Potential gains in life expectancy by improving road safety in China

Qingfeng Li, S. Ma, David M Bishai, A. A. Hyder

Research output: Contribution to journalArticle

Abstract

Objectives Road traffic injuries (RTI) cause a significant number of injuries and deaths in China every year; the World Health Organization estimated 261,367 deaths due to RTI in 2013. As a result of the ongoing growth of China's economy, road construction and motorisation, RTI are expected to impose a heavy health burden in the future. However, the public and policy makers have not widely perceived RTI as a public health issue commensurate with its consequences, in part, due to a lack of intuitive indicator measuring the health impact. Study Design Employs the cause-eliminating life table technique to provide a measure of the burden of RTI based on data from a nationally representative surveillance system in China. Methods Previous studies have used indicators such as event counts, rates and disability-adjusted life years to measure the health impact of RTI; but this study uses potential gains in life expectancy to measure this impact. Results Eliminating RTI could lead to a gain of 0.52 years in life expectancy in 2012, meaning that on average Chinese people could live a half year more than they would in the presence of RTI. Males have a substantially higher RTI death rate and consequently could have a gain in life expectancy more than twice as large as females (male 0.72 years vs female 0.28 years). The gain in rural areas (0.65 years) is twice that in urban areas (0.32 years). Conclusions The significant gain in life expectancy signals the urgency for public actions to improve road safety; the disparity in the burden across regions and sexes indicate a great opportunity for targeted interventions to protect health and save lives.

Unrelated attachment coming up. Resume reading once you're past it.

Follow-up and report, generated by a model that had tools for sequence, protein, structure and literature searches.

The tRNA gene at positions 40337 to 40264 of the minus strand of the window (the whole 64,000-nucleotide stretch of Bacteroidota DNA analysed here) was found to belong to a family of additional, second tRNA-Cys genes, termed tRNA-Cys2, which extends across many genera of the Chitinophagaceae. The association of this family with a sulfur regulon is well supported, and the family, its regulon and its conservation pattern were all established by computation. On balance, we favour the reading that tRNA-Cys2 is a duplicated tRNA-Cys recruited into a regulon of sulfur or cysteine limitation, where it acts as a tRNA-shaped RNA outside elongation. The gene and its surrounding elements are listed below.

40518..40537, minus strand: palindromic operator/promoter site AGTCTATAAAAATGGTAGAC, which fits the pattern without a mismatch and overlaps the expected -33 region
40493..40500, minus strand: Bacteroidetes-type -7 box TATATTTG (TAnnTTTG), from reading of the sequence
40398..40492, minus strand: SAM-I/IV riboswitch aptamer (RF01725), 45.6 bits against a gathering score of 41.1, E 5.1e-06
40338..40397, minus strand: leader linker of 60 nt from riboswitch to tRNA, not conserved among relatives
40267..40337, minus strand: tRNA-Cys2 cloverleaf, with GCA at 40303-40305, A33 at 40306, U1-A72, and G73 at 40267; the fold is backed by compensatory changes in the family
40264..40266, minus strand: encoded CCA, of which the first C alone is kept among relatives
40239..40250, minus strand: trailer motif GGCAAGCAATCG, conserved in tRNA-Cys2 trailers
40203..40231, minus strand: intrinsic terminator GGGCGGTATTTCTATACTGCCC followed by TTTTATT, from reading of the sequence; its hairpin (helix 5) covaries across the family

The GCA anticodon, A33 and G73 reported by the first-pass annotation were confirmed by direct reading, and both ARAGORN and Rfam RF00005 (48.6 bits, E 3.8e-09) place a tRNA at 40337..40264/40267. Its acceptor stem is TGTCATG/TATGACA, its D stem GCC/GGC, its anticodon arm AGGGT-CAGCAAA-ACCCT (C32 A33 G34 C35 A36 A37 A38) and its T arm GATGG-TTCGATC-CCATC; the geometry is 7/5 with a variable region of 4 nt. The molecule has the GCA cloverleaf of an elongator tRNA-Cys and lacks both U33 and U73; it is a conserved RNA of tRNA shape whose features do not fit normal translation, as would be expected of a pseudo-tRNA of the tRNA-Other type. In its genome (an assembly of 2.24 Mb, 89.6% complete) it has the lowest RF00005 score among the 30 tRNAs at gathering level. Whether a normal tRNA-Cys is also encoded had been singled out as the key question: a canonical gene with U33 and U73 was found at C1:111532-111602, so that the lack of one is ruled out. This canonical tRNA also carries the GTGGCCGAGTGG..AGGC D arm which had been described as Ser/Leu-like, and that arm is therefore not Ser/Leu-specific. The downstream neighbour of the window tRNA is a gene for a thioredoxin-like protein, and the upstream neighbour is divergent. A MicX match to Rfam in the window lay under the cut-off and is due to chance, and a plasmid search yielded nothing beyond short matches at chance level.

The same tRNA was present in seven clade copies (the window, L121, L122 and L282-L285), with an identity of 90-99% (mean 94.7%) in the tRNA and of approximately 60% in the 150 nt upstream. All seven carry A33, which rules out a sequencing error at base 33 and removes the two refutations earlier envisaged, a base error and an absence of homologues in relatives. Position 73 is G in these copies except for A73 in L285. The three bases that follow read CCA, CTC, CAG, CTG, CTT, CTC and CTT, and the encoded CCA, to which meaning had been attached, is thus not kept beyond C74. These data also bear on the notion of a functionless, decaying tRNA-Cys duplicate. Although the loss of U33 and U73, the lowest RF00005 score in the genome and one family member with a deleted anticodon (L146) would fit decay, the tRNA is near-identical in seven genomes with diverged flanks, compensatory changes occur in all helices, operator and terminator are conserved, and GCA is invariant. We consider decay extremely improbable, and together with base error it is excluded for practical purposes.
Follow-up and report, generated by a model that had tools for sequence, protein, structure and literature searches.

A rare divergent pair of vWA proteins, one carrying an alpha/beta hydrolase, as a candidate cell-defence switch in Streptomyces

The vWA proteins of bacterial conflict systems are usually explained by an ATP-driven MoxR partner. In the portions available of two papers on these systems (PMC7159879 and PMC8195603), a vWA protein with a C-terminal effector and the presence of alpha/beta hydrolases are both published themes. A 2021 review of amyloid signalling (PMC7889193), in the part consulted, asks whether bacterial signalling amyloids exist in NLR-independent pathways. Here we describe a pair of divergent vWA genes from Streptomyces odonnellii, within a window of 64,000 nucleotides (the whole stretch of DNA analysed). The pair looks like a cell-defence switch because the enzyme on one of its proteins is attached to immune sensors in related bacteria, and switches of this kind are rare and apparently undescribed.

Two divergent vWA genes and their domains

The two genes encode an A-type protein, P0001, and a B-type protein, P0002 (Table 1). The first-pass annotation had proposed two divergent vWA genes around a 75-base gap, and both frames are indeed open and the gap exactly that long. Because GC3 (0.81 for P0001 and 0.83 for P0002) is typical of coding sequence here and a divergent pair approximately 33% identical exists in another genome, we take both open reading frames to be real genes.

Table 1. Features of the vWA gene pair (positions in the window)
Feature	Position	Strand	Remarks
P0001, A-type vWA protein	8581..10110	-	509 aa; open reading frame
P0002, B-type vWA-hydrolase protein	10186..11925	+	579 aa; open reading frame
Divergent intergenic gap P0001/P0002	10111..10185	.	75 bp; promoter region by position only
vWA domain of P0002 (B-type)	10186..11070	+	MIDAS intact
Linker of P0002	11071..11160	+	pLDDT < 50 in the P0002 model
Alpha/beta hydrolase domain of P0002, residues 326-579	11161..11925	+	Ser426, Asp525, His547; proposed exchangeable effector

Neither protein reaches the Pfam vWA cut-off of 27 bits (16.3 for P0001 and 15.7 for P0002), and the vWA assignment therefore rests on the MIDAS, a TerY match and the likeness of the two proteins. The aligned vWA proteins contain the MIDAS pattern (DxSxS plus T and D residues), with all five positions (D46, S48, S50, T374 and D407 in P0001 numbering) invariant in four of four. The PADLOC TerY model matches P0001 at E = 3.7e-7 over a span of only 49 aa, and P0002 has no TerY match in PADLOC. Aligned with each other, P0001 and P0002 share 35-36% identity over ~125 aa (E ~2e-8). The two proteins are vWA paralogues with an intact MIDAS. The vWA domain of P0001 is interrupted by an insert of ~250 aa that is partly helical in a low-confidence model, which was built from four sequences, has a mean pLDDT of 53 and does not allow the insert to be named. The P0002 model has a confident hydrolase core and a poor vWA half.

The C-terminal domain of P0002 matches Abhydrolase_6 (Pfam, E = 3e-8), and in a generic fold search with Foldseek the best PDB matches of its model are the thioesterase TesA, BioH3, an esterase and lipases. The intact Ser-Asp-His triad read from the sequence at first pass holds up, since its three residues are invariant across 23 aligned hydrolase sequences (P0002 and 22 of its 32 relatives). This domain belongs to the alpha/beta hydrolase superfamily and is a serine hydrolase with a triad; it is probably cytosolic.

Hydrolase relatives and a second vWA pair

Original languageEnglish (US)
Pages (from-to)S57-S61
JournalPublic Health
Volume144
DOIs
StatePublished - Mar 1 2017

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Keywords

  • China
  • Life expectancy
  • Road traffic injuries

ASJC Scopus subject areas

  • Public Health, Environmental and Occupational Health

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